At this point, it may seem as if the Enterprise is wholly defenseless. That is not at all the case. Players have a variety of offensive options to tackle the threats approaching from all directions. At the most basic level are “Hit” cards which typically specify an area (Front, Rear, or Sides) and a range (Long, Medium, or Short). You can play that card to do damage to a ship in that particular sector. Some rarer cards allow attacks to be completed in all sectors at a particular range or at all ranges in a particular sector. And of course, it wouldn’t be a Star Trek game without the requisite technobabble abilities – players will have Force Fields and Corbomite Maneuvers at hand to disable or outright destroy enemy tokens if they’re fortunate enough to draw them.
Even so, the constant onslaught of threat tokens means that the Enterprise is always in peril. The “Panic” in Star Trek Panic is an apt choice of words by Fireside Games and USAopoly – you always feel as if you are in a losing battle. I consider myself quite the Star Trek nerd and I’ve seen every episode of every series countless times as well as all of the movies. There has yet to be a single on-screen battle that is even half as dangerous as what you face in a game of Star Trek Panic. Imagine the Battle of Wolf 359, but it’s just the NCC-1701. Also, half of the ship is on fire.
One might think to strategize and maneuver the ship so as to protect the “good” sections by letting the destroyed sections take hits. Indeed, this is part of the meta, and we have won some games by the strategic protection of our one or two remaining intact sections of the ship. However, the fine folks at Fireside Games and USAopoly had prepared for this eventuality – each point of damage to a destroyed section of the ship removes one card from the deck from the game. If all of the cards are removed, you lose the game – so at best, this particular strategy is a stalling tactic.
My tabletop group played this game over several weeks, and in the roughly 50% of the time we won the game the old girl was in a sorry state. One can only feel empathy for poor Scotty as 5/6th of the ship is in flames and the only intact section is partially on fire. The game is tremendously well-balanced on a knife’s edge – if you win a game of Star Trek Panic, you will have just barely won. You’ll typically be only a turn or two away from defeat. That makes for a truly challenging game, and while at times my tabletop group has felt unlucky, we have never felt that the game was particularly unfair.
The quality of the game board and pieces is excellent as well. The cards were crisp and up to par, and the threat tokens and Enterprise model are made out of hefty cardboard material. A tiny element of concern was that the shield pieces were a tight fit in the Enterprise podium, but I chalked that up to allowable tolerances. I’m sure that the slots will loosen up as time goes on, and it’s okay in my book that they’re a little tight when the game is brand new.
We were able to pick up Star Trek Panic with relative ease, and the rules were written clearly enough that there weren’t any real conflicts. The only rules complaint of note is that the rules do not state what to do if a threat spawns in in an already-occupied sector, but in that particular case we used common sense and re-rolled the die to place it elsewhere. We genuinely enjoyed the game, and I struggle to think of any complaints whatsoever. I can easily say that this has been one of my favorite co-op board games to play, not only for the mechanics but for the excellent implementation of the Star Trek theming. (Personally, I hope that Fireside Games and/or USAopoly tackles Deep Space 9 next – if there’s anything in the Star Trek universe that knows how to handle sieges, it’s Captain Sisko and the Bajorans!)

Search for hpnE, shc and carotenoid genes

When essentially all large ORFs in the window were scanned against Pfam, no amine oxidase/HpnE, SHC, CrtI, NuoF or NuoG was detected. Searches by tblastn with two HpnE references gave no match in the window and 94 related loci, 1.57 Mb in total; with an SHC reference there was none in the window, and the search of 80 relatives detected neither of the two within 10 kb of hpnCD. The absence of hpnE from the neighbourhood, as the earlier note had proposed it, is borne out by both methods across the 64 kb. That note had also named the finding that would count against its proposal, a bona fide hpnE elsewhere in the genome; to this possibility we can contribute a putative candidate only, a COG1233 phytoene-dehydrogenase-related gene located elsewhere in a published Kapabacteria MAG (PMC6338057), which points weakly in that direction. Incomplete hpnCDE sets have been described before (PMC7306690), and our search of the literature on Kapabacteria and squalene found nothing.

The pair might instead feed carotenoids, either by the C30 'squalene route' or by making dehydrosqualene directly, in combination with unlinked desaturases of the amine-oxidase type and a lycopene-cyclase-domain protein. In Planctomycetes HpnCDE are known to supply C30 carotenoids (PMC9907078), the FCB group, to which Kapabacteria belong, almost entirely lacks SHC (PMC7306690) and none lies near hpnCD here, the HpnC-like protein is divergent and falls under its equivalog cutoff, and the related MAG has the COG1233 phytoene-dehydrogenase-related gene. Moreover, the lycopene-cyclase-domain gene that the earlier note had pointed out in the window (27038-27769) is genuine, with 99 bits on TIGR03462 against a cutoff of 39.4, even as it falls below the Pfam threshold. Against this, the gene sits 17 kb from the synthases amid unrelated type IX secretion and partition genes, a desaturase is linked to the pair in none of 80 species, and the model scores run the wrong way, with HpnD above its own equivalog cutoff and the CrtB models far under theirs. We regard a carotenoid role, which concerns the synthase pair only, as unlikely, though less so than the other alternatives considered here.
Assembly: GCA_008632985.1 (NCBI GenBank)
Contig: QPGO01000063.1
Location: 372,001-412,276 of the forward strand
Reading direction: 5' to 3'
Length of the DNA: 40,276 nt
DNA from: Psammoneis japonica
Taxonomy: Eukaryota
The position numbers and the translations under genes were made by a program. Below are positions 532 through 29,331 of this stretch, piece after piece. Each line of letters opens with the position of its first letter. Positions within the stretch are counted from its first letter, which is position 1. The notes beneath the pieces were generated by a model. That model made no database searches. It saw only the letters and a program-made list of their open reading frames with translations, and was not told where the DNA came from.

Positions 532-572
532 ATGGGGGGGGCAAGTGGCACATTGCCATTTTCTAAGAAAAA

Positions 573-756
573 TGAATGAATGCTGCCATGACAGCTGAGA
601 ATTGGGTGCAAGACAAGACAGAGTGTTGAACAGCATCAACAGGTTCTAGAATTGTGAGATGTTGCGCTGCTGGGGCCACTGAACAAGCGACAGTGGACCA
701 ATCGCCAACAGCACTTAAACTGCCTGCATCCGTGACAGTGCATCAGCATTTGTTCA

Ultimately, Star Trek Panic is a boatload of fun, albeit very challenging. If it sounds like the kind of thing you and your tabletop gamer friends would go for, you can snap it up direct from Fireside Games, on Amazon [Affiliate Link], and at board game retailers near you for $39.99 or your regional equivalent.
The Bottom Line:
Star Trek Panic is a brutal game that can seem unfair at times, but it seems balanced enough overall. While you’ll feel a constant pressure throughout the game, victory isn’t impossible – it’s just a bit unlikely. The game is mechanically interesting enough on its own, and fans of Star Trek will find plenty of lore to enjoy.
Get This Game If:
- You appreciate a truly challenging game.
- You like living on the edge.
- You like co-op games that can be incredibly difficult at times but still ultimately fair.
- You’re a fan of Star Trek.
Avoid This Game If:
- You don’t like co-op games.
- You don’t like challenging games that can sometimes seem brutally unfair.
- You’re not a fan of Star Trek.
The copy of Star Trek Panic used for this review was provided by USAopoly.
Have you had a chance to play Star Trek Panic? What do you think of how Fireside Games and USAopoly have implemented this particular IP onto their ruleset? Is there a different Star Trek series that you think would be well-suited for this type of game? Let us know in the comments below!
Update: We originally credited Fireside Games solely in this review. We’ve made some corrections to give USAopoly the credit they deserve.
Star Trek Panic is a brutal game that can seem unfair at times, but it seems balanced enough overall. While you'll feel a constant pressure throughout the game, victory isn't impossible - it's just a bit unlikely. The game is mechanically interesting enough on its own, and fans of Star Trek will find plenty of lore to enjoy.